U.S. District Judge J. Frederick Motz swiftly denied a defense attorney's request for federal intervention in a state proceeding, dismissing the case a day after it was filed.
Attorney Gary Proctor had filed a petition for a writ of habeas corpus Tuesday, contending that his 19-year-old indigent client was unconstitutionally jailed before trial without evidence to support the gun, assault and attempted murder charges against him.
A Baltimore Circuit Court judge threw out a photo identification of defendant Christopher Robinson last month because the picture had been significantly altered by police. The victim in the case has also said Robinson is not the shooter he identified.
"Unless extraordinary circumstances are present, a federal court must not interfere with ongoing state criminal proceedings," Motz wrote in a three-page order filed Wednesday and entered into the record a day later.
"Council may be frustrated with the state prosecutorial and jurisdictional process and its [effect] on his client, but the court finds this an insufficient reason to intervene before the state court criminal process plays out."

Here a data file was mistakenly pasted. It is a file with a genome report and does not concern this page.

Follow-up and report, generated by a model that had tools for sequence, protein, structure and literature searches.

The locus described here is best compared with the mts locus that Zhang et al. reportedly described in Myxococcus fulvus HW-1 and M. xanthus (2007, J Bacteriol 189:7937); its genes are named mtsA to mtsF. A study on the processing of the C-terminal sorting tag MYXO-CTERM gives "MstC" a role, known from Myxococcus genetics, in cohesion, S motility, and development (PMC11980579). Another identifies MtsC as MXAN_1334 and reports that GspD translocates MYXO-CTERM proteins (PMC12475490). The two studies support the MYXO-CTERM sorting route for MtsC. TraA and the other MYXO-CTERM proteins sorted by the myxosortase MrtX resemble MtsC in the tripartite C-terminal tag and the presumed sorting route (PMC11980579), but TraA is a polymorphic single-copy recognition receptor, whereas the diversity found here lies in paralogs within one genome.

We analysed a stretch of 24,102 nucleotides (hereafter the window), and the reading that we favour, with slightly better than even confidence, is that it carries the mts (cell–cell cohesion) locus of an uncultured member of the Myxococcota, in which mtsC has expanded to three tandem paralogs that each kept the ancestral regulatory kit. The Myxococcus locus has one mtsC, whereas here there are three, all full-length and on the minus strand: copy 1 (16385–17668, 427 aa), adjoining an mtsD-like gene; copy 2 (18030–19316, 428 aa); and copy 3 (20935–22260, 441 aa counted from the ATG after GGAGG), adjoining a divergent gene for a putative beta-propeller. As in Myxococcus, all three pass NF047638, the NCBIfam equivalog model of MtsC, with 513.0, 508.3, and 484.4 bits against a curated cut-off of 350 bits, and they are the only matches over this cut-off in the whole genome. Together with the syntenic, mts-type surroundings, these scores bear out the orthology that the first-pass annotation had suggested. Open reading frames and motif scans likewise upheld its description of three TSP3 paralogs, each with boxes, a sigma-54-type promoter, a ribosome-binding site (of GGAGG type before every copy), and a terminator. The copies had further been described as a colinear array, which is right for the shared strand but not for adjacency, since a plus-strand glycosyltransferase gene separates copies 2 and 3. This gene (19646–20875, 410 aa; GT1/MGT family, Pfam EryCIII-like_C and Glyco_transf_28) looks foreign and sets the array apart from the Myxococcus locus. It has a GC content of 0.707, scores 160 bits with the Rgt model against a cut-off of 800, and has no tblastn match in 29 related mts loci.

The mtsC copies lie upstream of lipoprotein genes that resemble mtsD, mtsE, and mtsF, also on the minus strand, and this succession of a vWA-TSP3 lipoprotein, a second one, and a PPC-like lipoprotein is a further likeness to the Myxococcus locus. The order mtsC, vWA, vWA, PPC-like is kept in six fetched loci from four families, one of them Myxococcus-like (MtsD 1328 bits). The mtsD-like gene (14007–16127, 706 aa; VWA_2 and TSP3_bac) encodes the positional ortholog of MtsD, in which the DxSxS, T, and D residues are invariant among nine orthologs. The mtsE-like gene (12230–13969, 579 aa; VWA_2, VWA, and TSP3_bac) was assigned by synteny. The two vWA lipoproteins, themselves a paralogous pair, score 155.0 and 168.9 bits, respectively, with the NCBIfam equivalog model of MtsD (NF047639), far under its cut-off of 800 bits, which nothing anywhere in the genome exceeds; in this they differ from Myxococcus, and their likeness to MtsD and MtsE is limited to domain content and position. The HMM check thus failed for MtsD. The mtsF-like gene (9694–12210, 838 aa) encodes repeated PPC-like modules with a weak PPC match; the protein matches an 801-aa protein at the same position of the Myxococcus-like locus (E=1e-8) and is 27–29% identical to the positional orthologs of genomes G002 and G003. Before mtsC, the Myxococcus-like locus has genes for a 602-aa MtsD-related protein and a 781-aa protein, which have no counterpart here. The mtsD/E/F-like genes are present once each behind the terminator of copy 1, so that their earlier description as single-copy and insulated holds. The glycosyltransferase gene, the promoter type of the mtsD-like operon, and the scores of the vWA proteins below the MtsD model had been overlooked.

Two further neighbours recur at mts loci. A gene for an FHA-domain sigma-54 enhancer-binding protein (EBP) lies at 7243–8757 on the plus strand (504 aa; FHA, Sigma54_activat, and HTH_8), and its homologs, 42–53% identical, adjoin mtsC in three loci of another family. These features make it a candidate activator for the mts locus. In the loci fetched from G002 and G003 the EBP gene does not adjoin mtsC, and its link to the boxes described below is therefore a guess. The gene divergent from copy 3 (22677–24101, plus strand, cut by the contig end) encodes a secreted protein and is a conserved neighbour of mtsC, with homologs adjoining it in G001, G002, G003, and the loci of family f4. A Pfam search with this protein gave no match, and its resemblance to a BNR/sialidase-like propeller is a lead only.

Robinson, who is being held on $800,000 bail, is scheduled for trial Jan. 26. He can "present evidence of his innocence" there, Motz wrote, assuming the trial goes forward as planned. It has been postponed once.
The prosecutor in Robinson's case has said the incident is under investigation.
Proctor's petition argued that Robinson's detention violated at least four constitutional rights, a claim he supported by "various buzz phrasing such as 'due process,' 'reasonable bail,' and 'cruel and unusual punishment,'" Motz concluded. The judge also pointed out that the $5 habeas filing fee was missing, as was an application to determine Robinson's indigence, which he characterized as a "deficiency."
Proctor declined to comment. He also filed motions in Baltimore Circuit Court this week trying to get Robinson a lower bail amount, which has previously been denied, and to have the state case dismissed based on the existence of the "doctored photo" being withheld.